IRS Late Payment Penalty: Tax Penalties For Paying Late
The Internal Revenue Service (IRS) adds penalties on taxes owed that have not been paid on time. Filing your taxes late can cost you in the long run, unless you have a refund. If you have a refund owed to you there is typically no penalty fee associated with filing your taxes late because there is no amount due to the IRS, rather they owe you money. The amount owed, interest and penalties associated with late or back taxes can turn out to be a significant sum of money.
The Penalties & Interest
There are two separate penalties that may be applied to your balance depending upon your filing status. Interest will also be tacked onto your unpaid tax balance.
- Interest. Interest rates are applied to all late tax payments. The IRS interest rates are set quarterly and are variable, which means they change every three months. Interest is added to your balance for every day your taxes are not paid in full. This interest starts at the deadline when taxes are due to the time you actually pay them.
- Failure to Pay. This is the penalty that will be applied if you filed your taxes but did not pay them. This penalty is calculated at 0.5% for each month the tax bill is not paid in full and is calculated based on the amount of your owed taxes. The maximum penalty for the failure to pay penalty is 25%.
- Failure to File. This penalty will be applied if you did not file and did not pay your taxes. This penalty is calculated at 5% of your tax balance due for every month that you are late filing your return. The 5% is applied starting from the time of the deadline to the date that you actually file your return. The maximum penalty is 25%.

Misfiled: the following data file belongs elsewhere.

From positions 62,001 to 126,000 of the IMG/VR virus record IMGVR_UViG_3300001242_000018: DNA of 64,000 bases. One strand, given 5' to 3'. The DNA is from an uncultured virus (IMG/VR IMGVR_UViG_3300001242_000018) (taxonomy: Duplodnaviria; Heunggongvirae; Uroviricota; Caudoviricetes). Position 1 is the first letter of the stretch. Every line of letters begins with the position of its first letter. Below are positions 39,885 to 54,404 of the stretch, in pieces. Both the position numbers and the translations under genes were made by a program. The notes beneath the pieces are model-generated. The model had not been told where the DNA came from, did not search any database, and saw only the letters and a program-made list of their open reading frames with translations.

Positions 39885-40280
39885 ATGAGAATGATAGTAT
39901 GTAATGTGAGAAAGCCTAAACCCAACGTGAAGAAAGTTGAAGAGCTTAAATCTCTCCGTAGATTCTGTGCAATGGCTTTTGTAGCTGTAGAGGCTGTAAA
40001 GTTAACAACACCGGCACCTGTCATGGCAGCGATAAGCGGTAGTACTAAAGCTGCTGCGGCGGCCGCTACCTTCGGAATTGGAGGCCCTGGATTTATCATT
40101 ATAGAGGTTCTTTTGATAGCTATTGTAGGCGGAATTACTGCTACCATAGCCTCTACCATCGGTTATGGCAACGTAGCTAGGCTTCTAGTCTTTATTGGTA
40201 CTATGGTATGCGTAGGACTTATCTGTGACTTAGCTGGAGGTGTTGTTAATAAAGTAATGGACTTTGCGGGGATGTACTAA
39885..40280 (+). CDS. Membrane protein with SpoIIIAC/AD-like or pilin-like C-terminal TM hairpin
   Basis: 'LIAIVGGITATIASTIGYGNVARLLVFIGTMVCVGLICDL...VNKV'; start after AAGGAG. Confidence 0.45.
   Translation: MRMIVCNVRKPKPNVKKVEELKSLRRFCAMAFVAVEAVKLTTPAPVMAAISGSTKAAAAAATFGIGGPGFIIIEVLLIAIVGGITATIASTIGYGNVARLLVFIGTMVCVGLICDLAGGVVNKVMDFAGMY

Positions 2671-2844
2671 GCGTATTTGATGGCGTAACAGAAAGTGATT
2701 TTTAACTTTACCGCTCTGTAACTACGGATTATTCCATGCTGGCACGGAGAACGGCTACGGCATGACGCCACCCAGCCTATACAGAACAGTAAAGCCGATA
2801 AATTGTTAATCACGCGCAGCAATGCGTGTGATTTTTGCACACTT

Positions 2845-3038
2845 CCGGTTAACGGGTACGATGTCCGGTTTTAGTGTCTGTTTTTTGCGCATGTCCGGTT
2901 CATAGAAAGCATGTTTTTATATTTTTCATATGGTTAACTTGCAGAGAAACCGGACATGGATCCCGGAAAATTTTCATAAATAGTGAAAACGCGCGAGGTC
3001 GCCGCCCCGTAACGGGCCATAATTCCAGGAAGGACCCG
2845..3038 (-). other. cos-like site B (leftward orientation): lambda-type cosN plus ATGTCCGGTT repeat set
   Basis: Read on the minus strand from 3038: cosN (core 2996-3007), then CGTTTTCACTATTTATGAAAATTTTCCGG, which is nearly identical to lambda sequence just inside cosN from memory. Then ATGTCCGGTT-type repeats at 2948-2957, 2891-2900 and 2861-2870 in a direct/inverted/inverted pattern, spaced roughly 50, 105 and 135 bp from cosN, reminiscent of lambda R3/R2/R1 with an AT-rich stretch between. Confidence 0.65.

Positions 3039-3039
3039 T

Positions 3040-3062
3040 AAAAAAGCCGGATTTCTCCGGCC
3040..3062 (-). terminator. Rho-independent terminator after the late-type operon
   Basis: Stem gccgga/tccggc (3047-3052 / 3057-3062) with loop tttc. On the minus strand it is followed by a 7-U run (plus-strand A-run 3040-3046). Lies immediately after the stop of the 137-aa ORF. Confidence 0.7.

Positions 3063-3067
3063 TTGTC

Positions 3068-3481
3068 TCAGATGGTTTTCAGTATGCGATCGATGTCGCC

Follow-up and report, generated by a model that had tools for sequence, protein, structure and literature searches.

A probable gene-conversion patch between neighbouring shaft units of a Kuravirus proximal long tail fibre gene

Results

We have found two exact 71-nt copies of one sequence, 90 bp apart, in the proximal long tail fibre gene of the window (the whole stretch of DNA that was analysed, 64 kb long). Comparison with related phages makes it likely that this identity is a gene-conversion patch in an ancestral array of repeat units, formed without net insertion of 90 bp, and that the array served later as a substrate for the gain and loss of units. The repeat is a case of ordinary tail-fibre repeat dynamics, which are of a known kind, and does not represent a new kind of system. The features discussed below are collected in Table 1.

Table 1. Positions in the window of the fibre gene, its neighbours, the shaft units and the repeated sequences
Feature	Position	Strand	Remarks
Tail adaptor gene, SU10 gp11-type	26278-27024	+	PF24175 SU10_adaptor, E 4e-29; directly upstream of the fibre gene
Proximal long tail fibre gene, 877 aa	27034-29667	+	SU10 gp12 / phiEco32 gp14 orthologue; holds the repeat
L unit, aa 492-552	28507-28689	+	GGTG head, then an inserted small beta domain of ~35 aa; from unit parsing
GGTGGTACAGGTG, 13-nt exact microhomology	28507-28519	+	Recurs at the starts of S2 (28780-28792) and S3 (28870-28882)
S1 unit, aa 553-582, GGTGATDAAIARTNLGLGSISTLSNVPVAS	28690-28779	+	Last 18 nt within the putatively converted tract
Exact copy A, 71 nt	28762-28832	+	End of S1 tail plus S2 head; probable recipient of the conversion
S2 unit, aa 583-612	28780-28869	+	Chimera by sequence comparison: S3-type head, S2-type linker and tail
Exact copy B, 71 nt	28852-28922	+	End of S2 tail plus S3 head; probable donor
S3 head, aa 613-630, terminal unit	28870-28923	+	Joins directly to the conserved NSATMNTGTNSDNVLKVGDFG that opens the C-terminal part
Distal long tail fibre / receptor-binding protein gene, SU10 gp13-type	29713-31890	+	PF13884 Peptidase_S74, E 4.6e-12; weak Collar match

- Combined Penalty. This is the penalty that you will likely be charged with if you have unfiled and unpaid taxes. This penalty is 5% a month, which is a combination of the failure to file and failure to pay penalties. When the combined penalty is charged the IRS reduces the failure to file penalty by .5%, which makes an even 5% a month combined. The maximum that the combined penalty can be is 47.5% of the original tax amount owed.
Standard penalty fees are applied only for cases that are not associated with any type of income tax fraud or suspected negligence. If the IRS has just reason to believe that tax fraud is the reason for the late or failure to file there may be a heavy penalty associated with those cases. Typically in cases of fraud the penalty percentages are multiplied and can reach a maximum fine of 75% of the tax bill.
Despite the IRS being a feared entity they are understanding when individuals can provide a reasonable cause for either failing to file or together or filing past the April 15th deadline (4/17 for 2012) without an approved extension. A reasonable cause explanation to the IRS can and often will result in a removal or reduction of the penalties charged. This is done on a case by case basis after review of the circumstances by the IRS.
Penalty abatement must be filed before the IRS will consider removing the penalty or charge from the tax bill. It is reported that about 1/3 of the penalties that are charged to individuals who either failed to file on time or at all are removed if the filer can prove that they have a reasonable excuse for their inaction.
The best prevention against owing the IRS money is to pay your taxes on time. The standard day for filing taxes is April 15th (4/17 for 2012) unless you file an extension ahead of time. Filing an extension may minimize the penalties that are tacked onto your tax bill. Working with the IRS directly on alternatives BEFORE you are late with your taxes can save a great deal of time, stress and money in the long run.
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